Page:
Tiny computers go where no computer has gone before
A major breakthrough in the use of molecules as information processors is to be announced at this year's BA Festival of Science in Dublin.
Nanotechnology experts are exploring the capabilities of molecules that act like conventional computers but can operate in tiny places where no silicon-based chip or semiconductor can go. Now, for the first time, they have used these molecules to perform logic operations and process information in spaces a few nanometres across.
This advance has been achieved by chemists at Queen's University Belfast, with funding from the Engineering and Physical Sciences Research Council (EPSRC). Professor Amilra de Silva, Chair of Organic Chemistry at the university, says: "Computing isn't just confined to semiconductors. Molecules have been processing information ever since life has been around on our planet. Harnessing this remarkable ability really does have the potential to make a big difference to people's lives."
Molecular information processors placed in nano-spaces can gather, process and supply valuable data on how chemistry and biology function at this tiny scale. Molecules can also be used as information processors in medical and other applications. Portable blood gas analysers incorporating early breakthroughs in this field are already in use, with total sales of relevant sensor components already reaching US$35 million.
When the right chemical inputs (e.g. sodium or potassium ions) and ultra-violet, blue, green or red light are applied, the artificial molecules used by the team respond by emitting light. This 'signal' can be analysed using a fluorescence spectrometer or even the eye to provide data about the molecule's environment. Different types of these information processors respond to different chemical inputs and different colours of light.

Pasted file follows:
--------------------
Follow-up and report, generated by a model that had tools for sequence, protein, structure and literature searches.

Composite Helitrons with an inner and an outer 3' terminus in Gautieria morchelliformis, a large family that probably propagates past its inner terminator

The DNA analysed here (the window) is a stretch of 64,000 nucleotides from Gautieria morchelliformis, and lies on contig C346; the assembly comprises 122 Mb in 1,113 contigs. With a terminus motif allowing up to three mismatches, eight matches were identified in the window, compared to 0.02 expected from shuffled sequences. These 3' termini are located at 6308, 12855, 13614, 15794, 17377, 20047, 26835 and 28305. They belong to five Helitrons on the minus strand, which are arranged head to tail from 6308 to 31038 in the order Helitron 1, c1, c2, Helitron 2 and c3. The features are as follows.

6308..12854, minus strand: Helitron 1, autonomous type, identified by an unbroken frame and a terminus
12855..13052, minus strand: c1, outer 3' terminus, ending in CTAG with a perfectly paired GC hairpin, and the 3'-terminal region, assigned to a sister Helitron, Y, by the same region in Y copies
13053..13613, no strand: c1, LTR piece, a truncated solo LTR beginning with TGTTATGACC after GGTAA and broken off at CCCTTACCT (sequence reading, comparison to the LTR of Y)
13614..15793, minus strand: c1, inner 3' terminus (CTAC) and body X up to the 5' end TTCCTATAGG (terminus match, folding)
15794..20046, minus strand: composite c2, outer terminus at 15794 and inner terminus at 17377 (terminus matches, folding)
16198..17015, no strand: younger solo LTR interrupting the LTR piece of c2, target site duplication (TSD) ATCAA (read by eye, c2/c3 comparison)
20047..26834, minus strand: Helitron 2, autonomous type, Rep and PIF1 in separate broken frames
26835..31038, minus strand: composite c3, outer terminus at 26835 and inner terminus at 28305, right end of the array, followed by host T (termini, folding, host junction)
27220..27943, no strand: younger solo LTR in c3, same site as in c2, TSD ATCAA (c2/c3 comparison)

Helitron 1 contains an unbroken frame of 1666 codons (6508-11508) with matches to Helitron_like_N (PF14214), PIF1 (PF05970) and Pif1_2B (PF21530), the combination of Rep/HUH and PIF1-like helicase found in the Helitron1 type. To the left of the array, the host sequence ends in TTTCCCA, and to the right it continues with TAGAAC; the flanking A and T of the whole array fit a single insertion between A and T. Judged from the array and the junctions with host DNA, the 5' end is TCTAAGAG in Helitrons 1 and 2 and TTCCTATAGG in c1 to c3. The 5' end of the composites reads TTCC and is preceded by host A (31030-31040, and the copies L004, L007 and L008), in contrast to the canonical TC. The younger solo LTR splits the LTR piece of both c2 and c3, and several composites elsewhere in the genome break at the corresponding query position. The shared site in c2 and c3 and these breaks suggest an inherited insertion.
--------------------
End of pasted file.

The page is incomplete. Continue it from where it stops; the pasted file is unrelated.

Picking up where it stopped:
The underlying principle is based on photosynthesis – the process whereby plants use sunlight to produce food for themselves and for us – and is known as photo-induced electron transfer (PET). In PET, light causes electrons to move from one place to another. The speed of this process can be controlled by chemical means.
The Queen's University Belfast team is now focusing on improving the complexity of the logic operations that can be performed. Professor de Silva will be discussing the team's work and illustrating current capabilities at the BA Festival on 7th September.
Source: Engineering and Physical Sciences Research Council